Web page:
FA Center: Bulls just won’t believe what interest rates are saying about U.S. stock and bond returns for the next 5 years
Bullish investors are paying little attention nowadays to a big stock-market negative — as in negative real interest rates.
Because of this situation, the odds are disturbingly high that U.S. stocks over the next five years will barely beat inflation. Just don’t tell that to investors who are excited about the stock market’s impressive recovery from its waterfall decline in February and March.
But ignoring those odds doesn’t make them go away, as I was reminded recently listening to a seminar conducted by Elroy Dimson, a professor at Cambridge University’s Judge Business School and chairman of its Centre for Endowment Management. Dimson is the co-author (with Paul Marsh and Mike Staunton of the London Business School) of what most researchers accept as the most comprehensive global database of stock and bond returns. It encompasses 23 different countries and dates back to 1900.
Notably, this database also includes data on each country’s inflation, which enables a calculation for what interest rates have been on an after-inflation, or real, basis. That’s crucial, since real rates around the world right now are largely negative — in some cases at or near the lowest since 1900.
Take the current yield on the Treasury’s 10-year TIPS: minus 0.57%. This yield represents the real interest rate, since it is how much investors are willing to earn above (or below) the inflation rate. This low real yield is not a record low in U.S. history, but close.
In the seminar, Dimson emphasized the strong correlation between real rates and returns over the subsequent five years for both stocks and bonds. To show that correlation, he looked at all countries and all years in his database — a total of 2,382 observations. He then segregated those observations into 8 groups: Groups 1 and 8 contained the 5% of country-years with the lowest and highest real rates, respectively. Groups 2 through 7 contained successive 15% of the observations.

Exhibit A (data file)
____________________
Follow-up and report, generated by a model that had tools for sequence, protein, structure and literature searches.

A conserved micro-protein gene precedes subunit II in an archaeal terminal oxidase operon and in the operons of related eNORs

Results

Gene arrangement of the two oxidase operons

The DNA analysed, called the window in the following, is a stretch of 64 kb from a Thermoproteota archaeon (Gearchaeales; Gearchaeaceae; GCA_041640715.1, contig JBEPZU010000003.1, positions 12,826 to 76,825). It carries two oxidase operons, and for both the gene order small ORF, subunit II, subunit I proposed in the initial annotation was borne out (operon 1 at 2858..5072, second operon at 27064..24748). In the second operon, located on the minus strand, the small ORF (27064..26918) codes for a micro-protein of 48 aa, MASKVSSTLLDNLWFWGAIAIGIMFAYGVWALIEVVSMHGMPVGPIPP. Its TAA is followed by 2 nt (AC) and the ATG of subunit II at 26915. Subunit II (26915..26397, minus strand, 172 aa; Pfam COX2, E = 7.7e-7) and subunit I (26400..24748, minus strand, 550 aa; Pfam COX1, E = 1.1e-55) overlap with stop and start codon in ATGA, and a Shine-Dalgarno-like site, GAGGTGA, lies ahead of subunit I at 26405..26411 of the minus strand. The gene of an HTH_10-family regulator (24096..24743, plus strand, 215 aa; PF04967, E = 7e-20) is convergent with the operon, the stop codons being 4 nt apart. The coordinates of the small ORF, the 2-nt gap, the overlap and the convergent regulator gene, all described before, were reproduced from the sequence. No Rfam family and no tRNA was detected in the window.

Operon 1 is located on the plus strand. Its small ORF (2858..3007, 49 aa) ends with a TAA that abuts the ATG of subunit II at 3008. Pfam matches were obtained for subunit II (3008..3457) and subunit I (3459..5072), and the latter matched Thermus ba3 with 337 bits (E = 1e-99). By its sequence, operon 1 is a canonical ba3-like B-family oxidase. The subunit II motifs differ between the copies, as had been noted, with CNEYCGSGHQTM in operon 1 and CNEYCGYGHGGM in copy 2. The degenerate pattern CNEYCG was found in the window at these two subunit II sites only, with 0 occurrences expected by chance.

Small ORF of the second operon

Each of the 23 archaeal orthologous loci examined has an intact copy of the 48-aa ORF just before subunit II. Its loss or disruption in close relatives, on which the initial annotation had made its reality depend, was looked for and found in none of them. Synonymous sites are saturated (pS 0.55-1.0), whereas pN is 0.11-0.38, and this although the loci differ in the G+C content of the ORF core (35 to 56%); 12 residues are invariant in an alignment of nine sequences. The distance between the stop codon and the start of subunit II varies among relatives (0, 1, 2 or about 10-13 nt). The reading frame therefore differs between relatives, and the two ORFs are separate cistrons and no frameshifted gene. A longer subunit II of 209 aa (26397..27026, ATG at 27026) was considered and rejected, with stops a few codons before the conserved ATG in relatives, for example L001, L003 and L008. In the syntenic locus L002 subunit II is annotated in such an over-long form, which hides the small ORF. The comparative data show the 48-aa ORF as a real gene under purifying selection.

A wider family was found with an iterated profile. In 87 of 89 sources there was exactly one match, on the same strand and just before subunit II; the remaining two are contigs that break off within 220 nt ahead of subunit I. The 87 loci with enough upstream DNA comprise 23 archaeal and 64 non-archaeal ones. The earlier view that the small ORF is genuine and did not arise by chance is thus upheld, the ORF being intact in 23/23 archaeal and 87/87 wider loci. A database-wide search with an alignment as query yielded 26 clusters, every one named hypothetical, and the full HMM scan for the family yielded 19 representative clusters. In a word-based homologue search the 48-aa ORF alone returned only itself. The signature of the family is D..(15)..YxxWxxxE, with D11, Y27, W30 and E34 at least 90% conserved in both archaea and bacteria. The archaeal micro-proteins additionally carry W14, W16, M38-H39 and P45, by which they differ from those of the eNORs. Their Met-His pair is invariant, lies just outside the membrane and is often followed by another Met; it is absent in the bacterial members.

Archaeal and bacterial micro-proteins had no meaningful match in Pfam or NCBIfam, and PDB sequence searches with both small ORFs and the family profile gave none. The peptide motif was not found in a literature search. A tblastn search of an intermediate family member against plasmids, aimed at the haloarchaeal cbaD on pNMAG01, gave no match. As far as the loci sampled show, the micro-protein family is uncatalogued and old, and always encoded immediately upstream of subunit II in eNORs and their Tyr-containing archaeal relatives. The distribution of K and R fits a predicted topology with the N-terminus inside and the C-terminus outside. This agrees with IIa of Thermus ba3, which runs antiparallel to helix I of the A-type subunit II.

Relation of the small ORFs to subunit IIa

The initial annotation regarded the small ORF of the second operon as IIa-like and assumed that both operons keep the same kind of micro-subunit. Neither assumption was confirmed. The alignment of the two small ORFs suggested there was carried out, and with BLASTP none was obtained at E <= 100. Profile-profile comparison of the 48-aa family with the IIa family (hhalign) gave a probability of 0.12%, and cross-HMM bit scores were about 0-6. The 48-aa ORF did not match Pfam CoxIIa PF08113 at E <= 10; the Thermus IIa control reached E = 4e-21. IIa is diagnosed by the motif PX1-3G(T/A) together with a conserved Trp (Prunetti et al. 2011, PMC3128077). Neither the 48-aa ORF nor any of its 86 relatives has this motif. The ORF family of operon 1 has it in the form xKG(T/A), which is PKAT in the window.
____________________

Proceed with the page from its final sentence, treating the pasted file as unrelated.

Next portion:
As you can see from the chart below, bonds’ and stocks’ average real returns over the subsequent five years were consistently higher in countries where real interest rates at the beginning of the five-year period were themselves higher.
The chart is based on averages, so of course there are exceptions. One was the five-year period in the U.S. beginning in 2013, when real interest rates were also negative. The subsequent five years were extremely good to both stock and bond investors, needless to say.
But it’s risky to construct your investment outlook on exceptions to the rule, rather than the rule itself. And the historical correlation between real interest rates and stocks’ and bonds’ subsequent returns, while not perfect, is nevertheless quite compelling.
There’s also strong theoretical support for why this correlation would exist, according to Nicholas Bloom, an economics professor at Stanford University and co-director of the Productivity, Innovation and Entrepreneurship Program at the National Bureau of Economic Research. In an email, he explained that “interest rates are an excellent predictor of long-run growth potential, and their moribund level [today] reflects the markets’ expectation of sustained low future growth.”
“Until real interest rates pick up again,” Bloom noted in another email, “it is hard to be optimistic on growth — when there are great opportunities for growth in the economy firms are investing, hiring and building and rates are high. Everyone wants to borrow money. When rates are close to zero it is a terrible take on the pulse of the real economy growth is on life-support and its interest rate pulse is very weak.”
So keep all this in mind as you otherwise celebrate the Nasdaq Composite’s COMP, +1.10% recent new all-time high and the S&P 500 SPX, +0.65% and the Dow Jones Industrial DJIA, +0.59% rising to within shouting distance of theirs. Notwithstanding the impressive rally over the past 12 weeks, the prospects for both U.S. equities and bonds over the next five years appear mediocre at best.
Mark Hulbert is a regular contributor to MarketWatch. His Hulbert Ratings tracks investment newsletters that pay a flat fee to be audited. He can be reached at firstname.lastname@example.org